You can still plant the garlic cloves, but without their individual protective layer (sometimes called a “tunic”), they might be more susceptible to diseases. Before planting, some gardeners soak their cloves (usually unpeeled, but sometimes peeled) in a solution of 1 gallon water to 1 tablespoon baking soda overnight (some add a little liquid seaweed to the solution). Then just before planting, soak them in rubbing alcohol for about 4 minutes. This helps to prevent disease. You might try that with some of your cloves to see if it might help. Good luck!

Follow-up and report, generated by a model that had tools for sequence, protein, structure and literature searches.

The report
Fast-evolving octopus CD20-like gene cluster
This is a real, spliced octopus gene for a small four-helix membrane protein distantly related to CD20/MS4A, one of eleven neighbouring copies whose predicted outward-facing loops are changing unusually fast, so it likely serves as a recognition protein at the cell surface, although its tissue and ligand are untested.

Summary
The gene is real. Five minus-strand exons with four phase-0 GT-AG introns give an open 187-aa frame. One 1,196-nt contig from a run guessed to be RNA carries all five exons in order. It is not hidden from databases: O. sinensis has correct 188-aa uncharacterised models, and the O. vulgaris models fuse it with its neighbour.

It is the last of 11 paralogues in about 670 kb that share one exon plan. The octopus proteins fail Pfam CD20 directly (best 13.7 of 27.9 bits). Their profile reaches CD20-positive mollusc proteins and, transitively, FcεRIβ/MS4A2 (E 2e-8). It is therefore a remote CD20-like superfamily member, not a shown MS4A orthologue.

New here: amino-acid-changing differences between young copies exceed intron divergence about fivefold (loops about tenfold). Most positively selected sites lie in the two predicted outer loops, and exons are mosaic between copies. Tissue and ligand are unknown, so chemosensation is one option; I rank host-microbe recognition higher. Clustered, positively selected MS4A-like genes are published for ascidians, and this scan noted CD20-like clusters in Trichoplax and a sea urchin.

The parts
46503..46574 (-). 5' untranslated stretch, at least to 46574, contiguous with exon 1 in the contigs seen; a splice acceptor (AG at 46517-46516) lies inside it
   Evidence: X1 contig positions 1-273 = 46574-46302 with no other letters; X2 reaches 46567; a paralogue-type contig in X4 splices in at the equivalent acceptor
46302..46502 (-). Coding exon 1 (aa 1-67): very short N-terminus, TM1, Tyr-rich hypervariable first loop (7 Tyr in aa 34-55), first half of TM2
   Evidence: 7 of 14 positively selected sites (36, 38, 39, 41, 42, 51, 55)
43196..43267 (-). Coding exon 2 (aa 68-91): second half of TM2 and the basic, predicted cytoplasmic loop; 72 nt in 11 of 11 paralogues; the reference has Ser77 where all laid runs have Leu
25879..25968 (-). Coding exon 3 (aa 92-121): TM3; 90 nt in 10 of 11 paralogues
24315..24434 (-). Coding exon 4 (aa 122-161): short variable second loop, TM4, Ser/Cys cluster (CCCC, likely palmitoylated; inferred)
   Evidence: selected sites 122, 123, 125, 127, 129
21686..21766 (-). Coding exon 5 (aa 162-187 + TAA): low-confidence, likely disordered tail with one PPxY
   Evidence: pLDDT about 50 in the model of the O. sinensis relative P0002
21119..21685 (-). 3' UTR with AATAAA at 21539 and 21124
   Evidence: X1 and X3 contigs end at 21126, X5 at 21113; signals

Having been a classroom teacher for 33 years, I am very interested in natural history education and how to best help young people acquire a love and appreciation for the natural world. I often ask myself why it is that some people develop a passion for wildlife, the outdoors and the protection of natural spaces while others are indifferent at best. To paraphrase Baba Dioum, a Senegalese conservationist, we will only conserve and care for what we love and only love what we understand, appreciate and feel an emotional connection with. If children have no real understanding or knowledge of the natural world around them —right in their own backyard to begin with — then how will they ever develop a sense of what is being lost? How then can we expect them to live by an environmental, conserving ethic, or be outraged when yet another wetland is to be drained or a woodlot destroyed if they have no idea of what even lives there? In a world of video games, Facebook, shopping malls and highly regimented schedules with little time to play outside, I am deeply concerned that young are becoming more disconnected than ever from the natural world. However, to use a term coined by Harvard University biologist . Wilson, humans are born “biophylic” —loving nature. In other words, all of us begin life as budding biologists and, with the proper support from parents, grandparents and teachers, this interest in nature can last a lifetime.